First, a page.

Reaching agreement among disparate views will be difficult. As a result, the existing system continues to remain in place.

New Pay Areas Likely to be Added for 2024

There are four new locality pay areas that OPM has proposed (and accepted by the Pay Agent). These four locality pay areas will likely be finalized in time for the 2024 locality pay tables.

  • Fresno-Madera-Hanford, California Fresno County, CA; Kings County, CA; Madera County, CA; Mariposa County, CA; and Tulare County, CA;
  • Reno-Fernley, Nevada to include Churchill County, NV; Lyon County, NV; Storey County, NV; and Washoe County, NV;
  • Rochester-Batavia-Seneca Falls, New York, to include Genesee County, NY; Livingston County, NY; Monroe County, NY; Ontario County, NY; Orleans County, NY; Seneca County, NY; Wayne County, NY; and Yates County, NY.
  • Spokane-Spokane Valley-Coeur d’Alene, Washington-Idaho to include Benewah County, ID; Kootenai County, ID; Shoshone County, ID; Ferry County, WA; Lincoln County, WA; Pend Oreille County, WA; Spokane County, WA; Stevens County, WA.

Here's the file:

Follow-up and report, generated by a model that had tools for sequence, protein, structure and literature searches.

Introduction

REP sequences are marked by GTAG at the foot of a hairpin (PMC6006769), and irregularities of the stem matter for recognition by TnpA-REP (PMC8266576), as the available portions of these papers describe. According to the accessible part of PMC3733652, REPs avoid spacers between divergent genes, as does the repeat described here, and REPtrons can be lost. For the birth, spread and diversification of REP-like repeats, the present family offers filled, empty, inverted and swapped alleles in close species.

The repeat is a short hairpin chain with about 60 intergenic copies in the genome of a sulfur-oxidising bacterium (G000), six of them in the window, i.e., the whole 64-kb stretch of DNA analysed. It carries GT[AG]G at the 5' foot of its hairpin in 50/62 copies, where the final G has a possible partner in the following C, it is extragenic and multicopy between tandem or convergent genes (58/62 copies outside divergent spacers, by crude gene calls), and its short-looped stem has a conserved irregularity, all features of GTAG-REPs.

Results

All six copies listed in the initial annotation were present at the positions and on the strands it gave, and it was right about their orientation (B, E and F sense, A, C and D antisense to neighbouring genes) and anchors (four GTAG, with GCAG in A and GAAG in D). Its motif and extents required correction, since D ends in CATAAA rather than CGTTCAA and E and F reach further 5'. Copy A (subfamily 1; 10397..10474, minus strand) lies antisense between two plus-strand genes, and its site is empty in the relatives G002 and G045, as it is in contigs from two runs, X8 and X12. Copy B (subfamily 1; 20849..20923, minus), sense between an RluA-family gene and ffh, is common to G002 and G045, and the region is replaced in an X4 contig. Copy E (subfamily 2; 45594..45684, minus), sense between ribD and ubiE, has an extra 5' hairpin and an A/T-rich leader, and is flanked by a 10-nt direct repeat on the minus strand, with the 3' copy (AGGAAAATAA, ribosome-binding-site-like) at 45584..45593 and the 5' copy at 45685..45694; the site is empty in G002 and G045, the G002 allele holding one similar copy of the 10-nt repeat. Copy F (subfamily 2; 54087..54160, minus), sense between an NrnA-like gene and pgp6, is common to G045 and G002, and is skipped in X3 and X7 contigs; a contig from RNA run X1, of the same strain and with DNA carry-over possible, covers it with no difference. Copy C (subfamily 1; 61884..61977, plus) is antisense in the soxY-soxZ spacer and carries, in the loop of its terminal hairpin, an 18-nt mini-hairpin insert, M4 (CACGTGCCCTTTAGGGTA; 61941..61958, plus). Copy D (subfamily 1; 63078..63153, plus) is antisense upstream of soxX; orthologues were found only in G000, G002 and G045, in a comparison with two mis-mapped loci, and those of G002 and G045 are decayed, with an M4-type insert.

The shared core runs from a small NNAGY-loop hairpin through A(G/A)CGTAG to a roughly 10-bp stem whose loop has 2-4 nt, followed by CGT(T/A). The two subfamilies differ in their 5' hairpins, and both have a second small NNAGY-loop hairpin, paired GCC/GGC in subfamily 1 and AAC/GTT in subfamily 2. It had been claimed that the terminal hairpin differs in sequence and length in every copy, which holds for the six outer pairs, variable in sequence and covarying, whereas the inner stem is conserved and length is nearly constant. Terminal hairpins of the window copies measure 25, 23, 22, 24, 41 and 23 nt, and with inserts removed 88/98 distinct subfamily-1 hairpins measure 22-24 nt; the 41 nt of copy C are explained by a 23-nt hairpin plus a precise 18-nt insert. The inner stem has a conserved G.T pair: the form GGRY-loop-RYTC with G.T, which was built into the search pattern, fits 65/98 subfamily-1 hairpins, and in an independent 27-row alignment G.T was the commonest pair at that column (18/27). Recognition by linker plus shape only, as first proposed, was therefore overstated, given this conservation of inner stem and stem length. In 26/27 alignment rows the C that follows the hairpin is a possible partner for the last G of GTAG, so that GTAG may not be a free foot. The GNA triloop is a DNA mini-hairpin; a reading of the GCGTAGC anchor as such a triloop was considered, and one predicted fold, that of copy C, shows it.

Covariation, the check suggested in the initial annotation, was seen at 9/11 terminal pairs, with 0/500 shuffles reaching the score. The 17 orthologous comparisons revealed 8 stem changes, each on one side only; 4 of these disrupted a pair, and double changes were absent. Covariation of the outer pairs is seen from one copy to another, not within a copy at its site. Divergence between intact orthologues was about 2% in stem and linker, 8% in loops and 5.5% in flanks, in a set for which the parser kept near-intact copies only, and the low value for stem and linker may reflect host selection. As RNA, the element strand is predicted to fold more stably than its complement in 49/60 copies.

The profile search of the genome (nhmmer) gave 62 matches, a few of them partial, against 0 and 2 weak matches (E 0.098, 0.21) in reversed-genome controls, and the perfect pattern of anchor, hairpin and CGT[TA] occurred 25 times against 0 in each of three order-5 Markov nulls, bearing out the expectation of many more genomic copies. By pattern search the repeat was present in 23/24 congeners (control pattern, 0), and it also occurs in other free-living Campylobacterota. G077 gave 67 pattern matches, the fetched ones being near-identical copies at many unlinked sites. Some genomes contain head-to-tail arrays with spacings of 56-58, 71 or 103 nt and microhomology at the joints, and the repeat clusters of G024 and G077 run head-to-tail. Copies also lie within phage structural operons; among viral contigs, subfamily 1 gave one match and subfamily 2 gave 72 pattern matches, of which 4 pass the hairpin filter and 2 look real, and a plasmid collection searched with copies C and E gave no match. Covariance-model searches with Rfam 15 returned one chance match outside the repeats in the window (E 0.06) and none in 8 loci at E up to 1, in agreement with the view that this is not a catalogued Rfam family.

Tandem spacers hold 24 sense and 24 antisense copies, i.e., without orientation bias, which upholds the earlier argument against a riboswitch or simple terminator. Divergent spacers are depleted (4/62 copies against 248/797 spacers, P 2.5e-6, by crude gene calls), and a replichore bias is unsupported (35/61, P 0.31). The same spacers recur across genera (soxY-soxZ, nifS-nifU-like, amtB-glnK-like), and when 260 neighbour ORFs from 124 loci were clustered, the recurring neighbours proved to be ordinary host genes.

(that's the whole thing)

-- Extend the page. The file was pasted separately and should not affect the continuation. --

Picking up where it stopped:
In addition to these new locality pay areas, there are many other areas to be added to existing pay areas. These areas are at the end of this article, published in June 2023.

The actual salary figures for each locality pay area are usually published in December shortly before the new rates go into effect. We anticipate this same timetable will apply to the 2024 locality pay rates as has been done previously.

About the Author

Ralph Smith has several decades of experience working with federal human resources issues. He has written extensively on a full range of human resources topics in books and newsletters and is a co-founder of two companies and several newsletters on federal human resources. Follow Ralph on Twitter: @RalphSmith47